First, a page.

Marketing Through Your Customers’ Eyes

chainsaw marketing

Because of this pandemic, I find myself at my office with a 14 year-old-boy sitting behind me. My son has learned to adjust to doing remote school while I am still working to adjust to the demands of running a business to match the schedule of a 7th grader nearly every day. Fortunately that gives me someone to go to lunch with.

On this day, we left the office and went through the drive-thru of our favorite BBQ spot in Wichita. And while there, a thought hit me…


Hubspot has this to say 

Mkting Hubspot - Marketing Through Your Customers' Eyes

It is also very interesting what Marketing Insider has to share.

Mkting Insider - Marketing Through Your Customers' Eyes

And some great key takeaways from Investopedia

Investopedia - Marketing Through Your Customers' Eyes

Accrue Marketing has a superb article on the question “what is marketing” and a great lead-in to my epiphany sitting in that drive-thru with my son today.

Accrue Marketing snippet - Marketing Through Your Customers' Eyes



While I was sitting there in my truck this is what I noticed – a paper sign taped in the window that is so faded it’s barely legible.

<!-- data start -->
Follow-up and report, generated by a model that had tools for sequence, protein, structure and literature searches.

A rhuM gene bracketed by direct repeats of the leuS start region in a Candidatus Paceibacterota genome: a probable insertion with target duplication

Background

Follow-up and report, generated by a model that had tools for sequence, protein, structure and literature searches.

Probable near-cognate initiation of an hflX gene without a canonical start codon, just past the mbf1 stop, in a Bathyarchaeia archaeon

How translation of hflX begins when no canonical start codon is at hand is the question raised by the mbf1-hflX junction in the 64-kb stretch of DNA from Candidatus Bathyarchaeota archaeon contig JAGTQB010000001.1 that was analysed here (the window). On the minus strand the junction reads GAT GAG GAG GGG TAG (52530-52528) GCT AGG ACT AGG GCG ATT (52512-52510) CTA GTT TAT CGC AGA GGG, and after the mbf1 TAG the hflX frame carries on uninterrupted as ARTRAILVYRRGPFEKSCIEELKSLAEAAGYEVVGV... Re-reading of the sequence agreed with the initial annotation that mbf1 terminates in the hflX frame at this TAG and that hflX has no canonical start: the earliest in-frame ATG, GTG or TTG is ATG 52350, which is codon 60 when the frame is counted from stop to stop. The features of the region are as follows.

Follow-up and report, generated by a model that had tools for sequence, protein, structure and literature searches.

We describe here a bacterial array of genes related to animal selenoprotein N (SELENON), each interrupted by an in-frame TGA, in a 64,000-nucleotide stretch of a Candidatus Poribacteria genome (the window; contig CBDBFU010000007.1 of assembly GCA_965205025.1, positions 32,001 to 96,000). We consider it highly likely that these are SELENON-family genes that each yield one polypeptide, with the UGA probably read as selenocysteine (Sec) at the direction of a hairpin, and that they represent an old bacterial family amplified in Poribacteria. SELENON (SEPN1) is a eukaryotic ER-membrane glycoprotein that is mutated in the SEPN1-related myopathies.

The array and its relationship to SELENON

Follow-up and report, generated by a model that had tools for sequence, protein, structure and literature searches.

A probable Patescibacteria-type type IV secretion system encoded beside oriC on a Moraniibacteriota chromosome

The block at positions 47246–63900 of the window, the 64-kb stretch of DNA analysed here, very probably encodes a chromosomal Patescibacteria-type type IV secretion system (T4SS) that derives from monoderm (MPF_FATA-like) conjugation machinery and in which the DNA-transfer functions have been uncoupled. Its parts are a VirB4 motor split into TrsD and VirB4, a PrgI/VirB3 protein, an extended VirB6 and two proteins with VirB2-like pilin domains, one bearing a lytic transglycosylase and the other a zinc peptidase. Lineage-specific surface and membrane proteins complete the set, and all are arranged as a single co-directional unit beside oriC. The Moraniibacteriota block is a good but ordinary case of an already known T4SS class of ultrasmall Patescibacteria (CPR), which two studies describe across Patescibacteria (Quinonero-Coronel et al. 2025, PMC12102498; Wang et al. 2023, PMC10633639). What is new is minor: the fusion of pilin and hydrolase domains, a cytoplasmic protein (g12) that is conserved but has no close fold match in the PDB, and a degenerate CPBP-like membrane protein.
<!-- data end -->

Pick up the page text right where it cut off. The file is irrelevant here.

Hog faint picture - Marketing Through Your Customers' Eyes

Credit card signs that have been there for years…

Hog credit card - Marketing Through Your Customers' Eyes

And worse yet is the view its drive-thru customers get while they are waiting on their food…

Hog trash - Marketing Through Your Customers' Eyes

The ground is stained with grease, the doors look horrible and, in the summer, there are great big crows all over the whole area.


Keep in mind this isn’t some hole-in-the-wall BBQ joint, one of those dives that has been in business for 92 years with some local character who is a BBQ genius who people come from miles away to visit.

This is a pretty large company that spends (I am sure) over a million dollars a year on their marketing. They have 16 locations (with more planned) and a strong online presence.

Hog website - Marketing Through Your Customers' Eyes

Hog Wild Pit Bar-B-Q has been on the news, local TV shows, was voted best BBQ in Wichita and has a radio jingle few Wichitans will ever forget.



Now, let’s get back to my point and to the original question. While I was sitting in that drive-thru looking at that disgusting garbage area, the faded signs, and the sloppy caulking on the dirty window I was thinking, “What terrible marketing!”

It may be easy to think of marketing as something a marketing agency does, but it’s much more. Marketing is everything your customer hears, sees or perceives about your business.

That made me think about our HVAC clients that we serve. While our agency is tasked to handle the marketing for our clients, there is so much more to marketing than a lot of business owners are aware of.

It’s easy to operate day-by-day with your focus on the bottom line and with the expectation that everything is running just as it should. But when was the last time you really looked at your business through your customers eyes?